Archive | April, 2012

Sugar-free Parenting

24 Apr

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I was once again reminded of how a simple act as a parent can have a huge ripple effect on my children.

I received an email from another parent asking for my outlook on living a sugar-free life, since her preschool was looking to ban sugar from the school. It was more than two years ago that I gave up refined sugar. It all started out as a simple experiment for Lent (disclaimer: I am not Catholic, but take part every year to keep humble) that ending up forever changing my outlook on my relationship with food and how that can shape my children’s own relationship with food.

Our family is made up of big eaters, and I have been very lucky to not have picky children who have no food allergies. They will consume anything from crawfish to roasted kale to dim sum. My friends even joke that the kids have hollow legs, since they can put back massive amounts of food. While our household doesn’t partake in daily desserts or even eat candy on non-holidays, when I gave up sugar the kids took notice.

I have never been a skinny girl and my relationship with food has always been a complicated one. So when I decided to give up sugar my 6-year-old automatically assumed it was because I wanted to loose weight. I can’t be naive to think that she doesn’t know what dieting is or never paid attention to my whining over my “gut;” it was the way she came to assumption that made me reflect on my relationship I had with sweets and if there was some hidden motive behind my sacrifice.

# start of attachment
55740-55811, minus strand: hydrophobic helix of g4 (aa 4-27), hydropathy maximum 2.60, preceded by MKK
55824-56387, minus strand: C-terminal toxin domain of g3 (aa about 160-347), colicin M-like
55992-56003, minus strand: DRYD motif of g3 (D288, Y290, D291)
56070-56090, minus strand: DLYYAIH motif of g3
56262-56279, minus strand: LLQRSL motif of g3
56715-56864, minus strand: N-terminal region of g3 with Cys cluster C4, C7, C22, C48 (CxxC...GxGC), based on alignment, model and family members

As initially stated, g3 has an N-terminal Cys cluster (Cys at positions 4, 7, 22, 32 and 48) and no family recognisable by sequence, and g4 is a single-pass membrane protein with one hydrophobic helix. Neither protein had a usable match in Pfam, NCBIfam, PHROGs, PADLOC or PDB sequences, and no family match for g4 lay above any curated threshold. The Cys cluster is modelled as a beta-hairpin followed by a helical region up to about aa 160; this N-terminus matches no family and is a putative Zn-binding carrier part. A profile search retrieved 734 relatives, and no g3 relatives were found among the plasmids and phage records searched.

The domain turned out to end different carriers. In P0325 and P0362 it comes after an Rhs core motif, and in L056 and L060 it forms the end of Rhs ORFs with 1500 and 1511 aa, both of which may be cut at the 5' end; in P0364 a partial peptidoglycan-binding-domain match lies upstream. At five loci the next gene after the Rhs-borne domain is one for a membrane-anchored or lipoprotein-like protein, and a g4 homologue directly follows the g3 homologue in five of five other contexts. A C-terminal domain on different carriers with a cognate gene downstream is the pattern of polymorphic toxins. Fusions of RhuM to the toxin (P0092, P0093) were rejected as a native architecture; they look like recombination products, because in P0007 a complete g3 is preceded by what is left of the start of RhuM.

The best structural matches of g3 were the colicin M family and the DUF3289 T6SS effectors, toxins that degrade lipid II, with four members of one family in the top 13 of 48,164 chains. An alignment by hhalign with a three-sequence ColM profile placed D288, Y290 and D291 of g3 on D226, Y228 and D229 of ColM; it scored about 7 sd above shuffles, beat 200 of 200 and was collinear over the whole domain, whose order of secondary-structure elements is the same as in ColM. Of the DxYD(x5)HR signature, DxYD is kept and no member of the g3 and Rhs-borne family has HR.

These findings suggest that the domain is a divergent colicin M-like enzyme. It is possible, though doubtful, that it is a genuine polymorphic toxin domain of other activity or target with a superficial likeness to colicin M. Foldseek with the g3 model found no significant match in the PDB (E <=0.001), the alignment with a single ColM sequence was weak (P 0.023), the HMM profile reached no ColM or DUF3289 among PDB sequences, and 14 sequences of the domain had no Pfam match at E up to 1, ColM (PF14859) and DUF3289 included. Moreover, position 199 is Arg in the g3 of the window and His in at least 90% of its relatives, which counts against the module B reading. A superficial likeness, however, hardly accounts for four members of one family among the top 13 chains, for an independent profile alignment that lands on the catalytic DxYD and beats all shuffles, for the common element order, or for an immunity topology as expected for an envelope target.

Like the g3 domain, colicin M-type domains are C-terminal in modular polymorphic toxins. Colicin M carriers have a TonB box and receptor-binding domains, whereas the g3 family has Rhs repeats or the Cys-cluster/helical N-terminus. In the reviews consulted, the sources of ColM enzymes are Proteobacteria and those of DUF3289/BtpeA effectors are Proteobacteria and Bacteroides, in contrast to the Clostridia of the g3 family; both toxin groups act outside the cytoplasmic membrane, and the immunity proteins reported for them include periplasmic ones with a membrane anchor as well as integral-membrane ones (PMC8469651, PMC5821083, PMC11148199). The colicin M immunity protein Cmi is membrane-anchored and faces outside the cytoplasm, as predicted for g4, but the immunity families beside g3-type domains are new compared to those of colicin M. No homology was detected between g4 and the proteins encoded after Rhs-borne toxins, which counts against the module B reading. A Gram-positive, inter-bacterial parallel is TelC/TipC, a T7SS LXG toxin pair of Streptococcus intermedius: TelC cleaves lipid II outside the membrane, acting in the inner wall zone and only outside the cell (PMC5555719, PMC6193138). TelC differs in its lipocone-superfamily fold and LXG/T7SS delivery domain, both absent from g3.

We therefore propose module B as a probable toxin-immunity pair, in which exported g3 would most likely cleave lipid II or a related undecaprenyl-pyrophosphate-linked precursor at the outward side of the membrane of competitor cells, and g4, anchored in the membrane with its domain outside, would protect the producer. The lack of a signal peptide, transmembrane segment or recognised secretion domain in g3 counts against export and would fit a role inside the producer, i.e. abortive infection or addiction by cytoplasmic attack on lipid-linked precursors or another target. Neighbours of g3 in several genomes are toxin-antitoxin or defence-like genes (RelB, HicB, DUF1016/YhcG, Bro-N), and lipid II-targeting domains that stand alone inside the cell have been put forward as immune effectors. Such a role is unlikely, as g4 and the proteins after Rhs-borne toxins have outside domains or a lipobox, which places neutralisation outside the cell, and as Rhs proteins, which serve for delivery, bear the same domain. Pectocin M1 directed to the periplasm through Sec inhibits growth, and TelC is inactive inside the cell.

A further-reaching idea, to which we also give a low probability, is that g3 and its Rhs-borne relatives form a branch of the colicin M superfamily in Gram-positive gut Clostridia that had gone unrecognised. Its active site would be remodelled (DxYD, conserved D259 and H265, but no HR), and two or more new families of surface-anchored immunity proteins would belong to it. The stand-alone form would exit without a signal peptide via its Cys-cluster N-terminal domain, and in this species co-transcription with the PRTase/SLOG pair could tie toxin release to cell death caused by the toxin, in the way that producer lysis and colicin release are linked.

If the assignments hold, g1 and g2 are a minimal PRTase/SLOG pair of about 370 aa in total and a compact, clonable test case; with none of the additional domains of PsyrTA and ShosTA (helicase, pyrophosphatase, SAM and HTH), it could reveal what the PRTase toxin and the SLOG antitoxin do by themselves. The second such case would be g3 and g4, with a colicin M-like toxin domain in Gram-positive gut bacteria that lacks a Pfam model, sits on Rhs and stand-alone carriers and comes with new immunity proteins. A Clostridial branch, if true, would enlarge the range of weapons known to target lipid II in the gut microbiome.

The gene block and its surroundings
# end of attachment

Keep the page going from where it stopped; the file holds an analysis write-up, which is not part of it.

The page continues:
I should start with my upbringing. As most Californians my age, I come from a broken home (insert sad face). While one house was sugar friendly (there were desserts, random cookies, and juice) , the other home has strict no-processed foods rule. We were not allowed to have candy, soda, or juice. If we did get a treat it was a honey stick or a Tiger’s Milk Bar. All peanut butter was natural with no sugar added. It was this rule that structured my way of thinking about sugar and snack foods.

I would go over to my friends houses and gorge myself on Doritos, juice boxes, Skippy peanut butter, and other pantry items. By the time I was in middle school I had become very overweight and was secretly hiding candy in my room. Part of it was the lure of “these foods are banished” and preteen depression. While I wouldn’t go as far to say that I had become addicted to sugar, I would say that my thinking about sweets was warped by my parent’s efforts to keep me “healthy.” Was my effort to sacrifice sugar for Lent a way to battle my past?

After much reflection some of it was to see if I was dependent on sugar to get through the day, but it also was giving up something that I take for granted and something that I greatly enjoy. I was not looking to loose weight or get “healthy”, I was looking to try for 40 days to go without – and I wasn’t going to give up the Internet. When the 40 days was up my body didn’t respond well to adding sugar back into my diet, so I just kept going.

Today as a parent I try to keep the emotional aspect of my former fat self from shaping the way my children look at foods and sugary snacks. I try to limit their intake of sugar, but not with rules and regulations. We talk about weekend treats vs weekday treats, how to drink water with juice, and how its good to eat a balanced meal before dessert or birthday cake. When they ask me if I want a bite of their ice cream, I tell them I don’t like ice cream just like the way they don’t like onions or mushrooms (depending on the child I am talking to). I try to keep in mind during these days of hyper-helicopter parenting having a cupcake is not going to harm my children and it also doesn’t make me a bad parent either.

When it comes to my new sugar-free life, yes I do feel a lot better. I have more energy during the day and don’t feel dragged down. Sure I have lost weight, but I also picked up running and that might have more to do with it. And when it comes to banning certain foods just because they are “unhealthy” I recall my reaction as a child and remind myself that I make rules to make sure my children are safe… And in the long run a cookie every once in a while is.